Chilkat Valley News - Serving Haines and Klukwan, Alaska since 1966

Just months after installation, Voc Ed air handler on blink


A problem in computerized controls has shut down the air-handling system of the Haines School’s Voc Ed building, part of an $864,099 heating and ventilation upgrade to the building completed in October.

School maintenance chief Gary Stigen said the problem with the air handler was noticed at the end of winter, but Premier Electric of Wasilla, the lead contractor on the project, has yet to fix it.

Stigen and interim superintendent Rich Carlson this week expressed frustration with the delay, as a warranty on the work expires in October.

“It’s a process, but it’s taken too long. It’s an issue I want to get taken care of this summer, or at least before school starts up again,” Stigen said.

There is also noticeable seepage of glycol from piping in two of the building’s four heating units, Stigen said, but he considers that a minor problem. A glycol leak that was a constant drip in a pipe near the air handler was discovered at the completion of the project but was fixed by Premier, he said.

“It’s their job not to have leaks in the system, but it happens,” Stigen said.

The computer malfunction doesn’t keep the heating system from working, but it makes it operate inefficiently, costing the district additional money.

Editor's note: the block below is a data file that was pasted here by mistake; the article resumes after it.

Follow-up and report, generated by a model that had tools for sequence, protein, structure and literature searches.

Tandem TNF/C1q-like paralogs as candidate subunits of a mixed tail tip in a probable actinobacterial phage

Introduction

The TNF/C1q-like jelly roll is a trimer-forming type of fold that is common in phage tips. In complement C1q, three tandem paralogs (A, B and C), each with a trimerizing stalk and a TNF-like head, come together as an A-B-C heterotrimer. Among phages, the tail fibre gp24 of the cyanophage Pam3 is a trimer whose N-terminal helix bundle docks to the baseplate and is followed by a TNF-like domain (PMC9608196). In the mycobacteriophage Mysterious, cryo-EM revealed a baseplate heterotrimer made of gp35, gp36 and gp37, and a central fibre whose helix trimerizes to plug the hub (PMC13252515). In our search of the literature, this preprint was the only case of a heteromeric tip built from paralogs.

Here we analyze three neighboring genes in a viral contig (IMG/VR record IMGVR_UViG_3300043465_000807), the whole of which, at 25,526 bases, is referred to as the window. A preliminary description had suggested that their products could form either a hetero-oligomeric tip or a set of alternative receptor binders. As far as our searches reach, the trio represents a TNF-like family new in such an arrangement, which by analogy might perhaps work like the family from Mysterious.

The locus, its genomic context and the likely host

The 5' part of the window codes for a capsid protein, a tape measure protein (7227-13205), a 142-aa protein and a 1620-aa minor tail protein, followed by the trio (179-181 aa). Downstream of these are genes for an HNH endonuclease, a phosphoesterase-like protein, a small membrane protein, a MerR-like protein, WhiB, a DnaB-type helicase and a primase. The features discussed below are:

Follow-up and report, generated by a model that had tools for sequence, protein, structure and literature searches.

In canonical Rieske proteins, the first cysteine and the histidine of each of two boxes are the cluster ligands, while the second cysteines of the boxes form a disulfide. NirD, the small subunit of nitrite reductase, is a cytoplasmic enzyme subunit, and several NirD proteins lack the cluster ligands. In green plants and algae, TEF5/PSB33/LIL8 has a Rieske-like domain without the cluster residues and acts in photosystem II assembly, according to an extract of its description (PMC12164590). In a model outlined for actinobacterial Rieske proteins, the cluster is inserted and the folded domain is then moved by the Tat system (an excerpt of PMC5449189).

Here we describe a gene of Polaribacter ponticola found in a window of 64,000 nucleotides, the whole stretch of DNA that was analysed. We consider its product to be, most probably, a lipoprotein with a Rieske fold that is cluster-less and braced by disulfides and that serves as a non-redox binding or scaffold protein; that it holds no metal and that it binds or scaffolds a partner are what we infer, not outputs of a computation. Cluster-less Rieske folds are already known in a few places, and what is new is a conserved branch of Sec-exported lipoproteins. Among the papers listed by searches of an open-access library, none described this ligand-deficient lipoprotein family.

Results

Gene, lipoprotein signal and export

The air handler brings air into the building from outside, and warms it slightly. Without it functioning, negative pressure builds up indoors, sucking cold air into the building when a door is opened.

“It’s not life-threatening, but you want things to function the way they’re supposed to function,” Stigen said.

The problem appears to be with a part of the computerized controls called the VFD, which slowly turns on the motors of the air-handling unit at start-up, he said.

Total improvements to the Voc Ed building exceeded $1 million and included a new boiler, heating units, exhaust fans, extensive duct work, lighting and electric upgrades. The work replaced the building’s original heating and ventilation system, which was about 40 years old.

The problem with the air handlers was traced to the computer controls by a representative of ATS, an Anchorage firm that holds a contract to operate the school’s electronic brain.

Phone and email messages left for Premier Electric this week were not returned.

Stigen said part of Premier’s delay may have been the contractor trying to determine if the problem stemmed from a subcontractor’s work or a manufacturing defect.


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